One major factor that continues to hold back inspiring investors from taking the leap into real estate investing is the fear of property management.
Dealing with tenant calls, leasing, showings, tenant screening and emergencies may seem like an unrealistic task to investors also working full time jobs.
Who wants a call from a tenant because their Wi-Fi isn’t working interrupting their morning coffee?
The solution – Hiring a property management team to care for the properties like their own.
We will dive into the steps needed to find the right management company below.
All expectations need to be laid out when interviewing property management companies.
Some questions to ask yourself:
-Will they be collecting rent on your behalf?
-Will they have the freedom to handle simple repairs (up to $500)?
-Will they oversee major capital expenditures?
Some questions to ask the management company:
-What services do you typically provide to your clients?
-What does your day to day tasks involve?
-How did you handle a recent emergency?
-When was your lat vacancy – for how long?
-What was the worst tenant you had – how did you deal with them?
In order to find the right fit for your management needs, expectations will need to be set early and often.
When searching for real estate investments run your numbers with property management listed as an expense.
Subtracting anywhere from 12 to 15 percent off your rental income will give a realistic number to the cost of on-boarding a management company.
Adding those management costs to your number projections will allow a snapshot of the property from a conservative view to examine if the property will cash flow or hit the benchmarks set.
Trusting a management company to care for your investment like it is their own means they need to produce.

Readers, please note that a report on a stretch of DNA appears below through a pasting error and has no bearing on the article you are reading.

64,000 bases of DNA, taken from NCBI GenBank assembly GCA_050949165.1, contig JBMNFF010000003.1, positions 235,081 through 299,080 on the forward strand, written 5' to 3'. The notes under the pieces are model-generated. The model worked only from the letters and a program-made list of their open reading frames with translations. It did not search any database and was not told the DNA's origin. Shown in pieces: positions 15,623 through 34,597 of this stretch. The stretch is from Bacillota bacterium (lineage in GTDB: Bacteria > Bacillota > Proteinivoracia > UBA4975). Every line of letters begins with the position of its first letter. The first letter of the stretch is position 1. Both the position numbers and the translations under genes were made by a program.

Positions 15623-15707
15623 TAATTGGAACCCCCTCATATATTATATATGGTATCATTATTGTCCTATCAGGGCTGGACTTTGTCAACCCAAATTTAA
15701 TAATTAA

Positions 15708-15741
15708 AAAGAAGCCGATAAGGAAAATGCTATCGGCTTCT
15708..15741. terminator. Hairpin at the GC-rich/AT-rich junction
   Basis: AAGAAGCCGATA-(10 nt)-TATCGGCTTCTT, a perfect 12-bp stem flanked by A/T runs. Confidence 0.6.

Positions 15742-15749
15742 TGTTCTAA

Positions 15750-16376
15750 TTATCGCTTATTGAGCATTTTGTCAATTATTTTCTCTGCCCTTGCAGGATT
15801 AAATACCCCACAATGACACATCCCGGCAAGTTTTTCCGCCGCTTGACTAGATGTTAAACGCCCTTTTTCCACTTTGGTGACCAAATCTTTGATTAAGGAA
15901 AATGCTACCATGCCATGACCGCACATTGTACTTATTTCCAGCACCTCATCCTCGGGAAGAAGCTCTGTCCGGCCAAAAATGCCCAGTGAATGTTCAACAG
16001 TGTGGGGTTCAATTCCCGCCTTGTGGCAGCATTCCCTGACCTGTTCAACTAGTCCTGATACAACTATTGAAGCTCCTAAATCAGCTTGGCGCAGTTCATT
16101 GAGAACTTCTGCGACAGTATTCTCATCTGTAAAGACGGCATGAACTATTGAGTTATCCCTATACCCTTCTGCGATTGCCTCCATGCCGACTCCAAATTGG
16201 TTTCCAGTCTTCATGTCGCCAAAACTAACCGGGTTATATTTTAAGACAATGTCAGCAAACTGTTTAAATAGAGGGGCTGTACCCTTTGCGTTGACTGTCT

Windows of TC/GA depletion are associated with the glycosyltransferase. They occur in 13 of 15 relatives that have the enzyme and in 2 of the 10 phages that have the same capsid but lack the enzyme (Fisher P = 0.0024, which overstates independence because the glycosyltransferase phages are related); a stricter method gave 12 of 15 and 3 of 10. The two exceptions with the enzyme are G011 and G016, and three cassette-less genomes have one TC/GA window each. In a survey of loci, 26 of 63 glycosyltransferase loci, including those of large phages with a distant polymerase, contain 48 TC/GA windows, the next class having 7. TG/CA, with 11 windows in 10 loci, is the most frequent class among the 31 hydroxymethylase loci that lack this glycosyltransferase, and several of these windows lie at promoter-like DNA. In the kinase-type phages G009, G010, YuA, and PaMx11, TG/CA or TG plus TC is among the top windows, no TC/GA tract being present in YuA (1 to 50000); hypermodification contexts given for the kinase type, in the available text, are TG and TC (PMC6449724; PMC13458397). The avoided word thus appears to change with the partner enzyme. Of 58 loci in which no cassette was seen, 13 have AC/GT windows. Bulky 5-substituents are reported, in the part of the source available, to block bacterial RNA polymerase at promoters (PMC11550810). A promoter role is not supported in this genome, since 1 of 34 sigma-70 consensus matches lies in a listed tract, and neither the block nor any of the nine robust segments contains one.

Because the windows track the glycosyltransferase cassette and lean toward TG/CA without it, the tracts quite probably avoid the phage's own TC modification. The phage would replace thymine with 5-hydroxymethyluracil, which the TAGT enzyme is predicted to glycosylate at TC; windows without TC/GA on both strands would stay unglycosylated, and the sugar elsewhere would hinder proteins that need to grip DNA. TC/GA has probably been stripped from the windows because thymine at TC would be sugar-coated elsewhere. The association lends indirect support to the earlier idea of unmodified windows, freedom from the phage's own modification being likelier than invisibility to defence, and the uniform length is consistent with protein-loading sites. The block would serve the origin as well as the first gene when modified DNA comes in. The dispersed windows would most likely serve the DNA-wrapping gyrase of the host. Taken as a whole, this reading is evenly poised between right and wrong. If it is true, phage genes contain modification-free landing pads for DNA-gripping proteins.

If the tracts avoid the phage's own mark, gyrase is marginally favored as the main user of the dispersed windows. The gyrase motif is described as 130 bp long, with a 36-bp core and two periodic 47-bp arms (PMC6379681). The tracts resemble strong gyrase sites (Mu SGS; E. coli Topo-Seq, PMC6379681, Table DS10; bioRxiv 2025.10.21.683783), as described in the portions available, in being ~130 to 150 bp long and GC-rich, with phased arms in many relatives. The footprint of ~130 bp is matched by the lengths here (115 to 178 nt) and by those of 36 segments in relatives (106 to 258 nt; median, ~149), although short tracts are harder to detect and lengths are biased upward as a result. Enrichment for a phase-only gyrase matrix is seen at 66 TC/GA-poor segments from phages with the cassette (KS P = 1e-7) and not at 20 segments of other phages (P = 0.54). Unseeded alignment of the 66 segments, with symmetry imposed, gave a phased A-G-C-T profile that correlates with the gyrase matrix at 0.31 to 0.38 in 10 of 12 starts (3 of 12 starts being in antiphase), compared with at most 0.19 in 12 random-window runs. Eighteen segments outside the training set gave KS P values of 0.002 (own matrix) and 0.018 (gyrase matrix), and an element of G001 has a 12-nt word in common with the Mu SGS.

They should be finding great tenants, collecting rent on time, have zero vacancies, handle emergencies with confidence and tenants should love living in your units. That is what they are supposed to do.
Going above and beyond starts from that baseline of production.
For example, a rental I personally owned was suddenly vacant when the tenant gave a months notice who was on a month to month lease. The tenant loved the unit and was sad to go but needed more space for her growing family. She recommended the unit to a co-worker and they jumped on it. The only problem, they were new to the city and did not have a car yet. On move in day we were meeting at the unit to do the inspection and key exchange. The new tenant mentioned in her email she may be late as she was taking the bus there. I thought that may be difficult with her luggage in hand so I offered to pick her up and drive her to the unit. They were staying at a hotel short term which their work put them up in. They tenant was more than pleased with the service.
That is a quick example of how a management company can go above and beyond the baseline of what they are expected to do.
In order to find the right property manager you need to understand what your needs are.
Your expectations on what the management company will be required to complete on a daily basis should be discussed in the screening process.
Cash flow should be calculated with eh property management expense included. Capture a realistic screenshot of the numbers when hunting for your next purchase.
Monitor the production of the management company. They need to produce. If they start to slip make sure to get on them or start searching for another option.